Well, with the firing of Alain Vigneault by
the Philadelphia Flyers that makes 4 coaches who have been 'relieved of their
duties' so far this season. Barely a quarter of the way through the season and
already on a record setting pace. Forget about McDavid and Draisaitl and
Ovechkin, the real race is to see who can purge the most staff members.
Of course, coaching changes are as old as the game itself. But you
have to wonder why clubs do it so early in the campaign. Or rather, why didn't
they do it during the offseason? Are you telling me that Chicago, Vancouver,
and Philly all looked at their rosters and thought "we got a real shot, if only
our coaching holds up!" Not a chance.
I know that it's easier to fire
the coach versus firing the players. Yes, sometimes s new voice seems to change
everything (see Berube, Craig). I also recognize that GM's will fire the coach
as a way to buy themselves more time. However, in the modern analytic driven
NHL, what exactly does a head coach do? They don't seem to have much to do as
most staffs have specialists for every tiny aspect of the game. Gone are the
days when Scotty Bowman actually taught his players anything.
know this and direct their anger towards assistants who can't fix a special
teams problem, goalie coaches who can't unlock a tenders technique, or any
other small flaws that become the focal point of an aggrieved fanbase. At best,
a Head Coach is a middle-manager, PR specialist, and sacrificial lamb for the
work everyone else does.
Which begs the question: why do teams spend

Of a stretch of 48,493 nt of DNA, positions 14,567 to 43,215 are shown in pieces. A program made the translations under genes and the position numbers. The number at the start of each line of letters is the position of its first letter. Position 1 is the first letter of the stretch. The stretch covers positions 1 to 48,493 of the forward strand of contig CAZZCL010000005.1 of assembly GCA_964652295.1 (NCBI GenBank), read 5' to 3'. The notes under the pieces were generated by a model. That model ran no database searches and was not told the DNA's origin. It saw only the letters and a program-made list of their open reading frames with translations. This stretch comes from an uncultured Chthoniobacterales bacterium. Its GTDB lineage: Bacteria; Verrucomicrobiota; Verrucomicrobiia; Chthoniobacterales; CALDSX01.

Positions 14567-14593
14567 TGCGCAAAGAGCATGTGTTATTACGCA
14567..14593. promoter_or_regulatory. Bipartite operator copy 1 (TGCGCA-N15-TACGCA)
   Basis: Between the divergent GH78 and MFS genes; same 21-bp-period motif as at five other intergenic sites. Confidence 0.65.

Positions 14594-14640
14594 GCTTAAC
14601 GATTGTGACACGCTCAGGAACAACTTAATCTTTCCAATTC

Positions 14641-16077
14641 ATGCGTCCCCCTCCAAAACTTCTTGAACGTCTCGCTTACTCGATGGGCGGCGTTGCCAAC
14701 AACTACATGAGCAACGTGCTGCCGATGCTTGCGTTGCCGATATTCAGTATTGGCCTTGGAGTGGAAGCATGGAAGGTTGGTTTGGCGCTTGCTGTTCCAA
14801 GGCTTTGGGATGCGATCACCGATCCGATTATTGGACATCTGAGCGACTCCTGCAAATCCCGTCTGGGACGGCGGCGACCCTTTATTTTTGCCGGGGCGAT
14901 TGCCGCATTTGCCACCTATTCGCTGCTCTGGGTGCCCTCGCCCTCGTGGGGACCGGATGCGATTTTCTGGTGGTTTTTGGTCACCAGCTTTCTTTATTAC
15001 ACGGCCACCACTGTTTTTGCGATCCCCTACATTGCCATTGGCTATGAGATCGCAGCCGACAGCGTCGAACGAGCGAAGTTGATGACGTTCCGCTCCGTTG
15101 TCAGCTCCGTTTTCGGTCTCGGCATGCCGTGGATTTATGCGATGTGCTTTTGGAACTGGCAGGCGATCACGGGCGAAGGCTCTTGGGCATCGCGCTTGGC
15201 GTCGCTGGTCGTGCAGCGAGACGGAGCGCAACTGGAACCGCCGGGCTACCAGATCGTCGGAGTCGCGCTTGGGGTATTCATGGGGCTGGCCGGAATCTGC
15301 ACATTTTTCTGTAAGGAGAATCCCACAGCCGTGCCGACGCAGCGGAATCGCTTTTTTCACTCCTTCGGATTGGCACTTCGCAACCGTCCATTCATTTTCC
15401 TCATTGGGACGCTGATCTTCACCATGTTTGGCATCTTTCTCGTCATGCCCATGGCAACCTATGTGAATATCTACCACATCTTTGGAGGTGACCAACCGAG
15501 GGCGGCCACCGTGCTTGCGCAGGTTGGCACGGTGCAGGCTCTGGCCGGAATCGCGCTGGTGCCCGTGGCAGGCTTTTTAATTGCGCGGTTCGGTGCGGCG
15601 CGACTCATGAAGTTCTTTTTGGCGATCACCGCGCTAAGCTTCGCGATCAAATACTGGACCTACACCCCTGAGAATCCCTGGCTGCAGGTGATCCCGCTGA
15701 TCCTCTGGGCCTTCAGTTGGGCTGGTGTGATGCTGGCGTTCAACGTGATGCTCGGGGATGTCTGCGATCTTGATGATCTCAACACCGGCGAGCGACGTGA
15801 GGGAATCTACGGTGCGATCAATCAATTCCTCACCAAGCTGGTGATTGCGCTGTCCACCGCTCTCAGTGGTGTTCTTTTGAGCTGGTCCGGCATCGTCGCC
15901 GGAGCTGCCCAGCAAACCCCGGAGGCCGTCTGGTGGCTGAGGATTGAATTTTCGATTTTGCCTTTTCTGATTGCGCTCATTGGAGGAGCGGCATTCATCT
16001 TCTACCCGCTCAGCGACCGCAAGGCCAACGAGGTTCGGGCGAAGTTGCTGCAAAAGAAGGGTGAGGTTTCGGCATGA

so much money on these guys?
Let's take a look at the Sharks for a
Can anyone tell me what positive changes Coach
Boughner has brought to the club? As opposed to the work done by assistants
Rocky Thompson, John Madden, and Evgeni Nabokov? Has Coach B unlocked the
abilities of youngsters like Mario Ferraro and Jonathan Dahlen, or is that a
product of Mike Ricci? Does he bring accountability to the squad, or is that
the result of having a staff full of ex-players who can command the respect of
This isn't meant to downplay the work of Coach Boughner, but
as I watch other teams fire their coaches I wonder "why?" What are they hoping
to achieve when it can be argued the role doesn't have that large of an impact
on what takes place on any given day? Lucky, hot streaks, and health seem to
matter much more - all of which are beyond the coaches control.
it's time for clubs to start spending less on their head coach and more on
building a staff that can honestly assess the abilities of the players on the
roster? Spend that extra cash on scouting and development, two areas that
really do impact the fortunes on a franchise. Once clubs knew exactly what they
had, and what they were developing, expectations could be properly managed
leading to fewer in-season firings.
Sure, it would make for fewer
headlines, but then again who really cares about these firings for more than a
few moments? Let's leave the record setting to the players on the ice, and save
the coaching changes for April and May when they can get the attention they
truly deserve; which is none.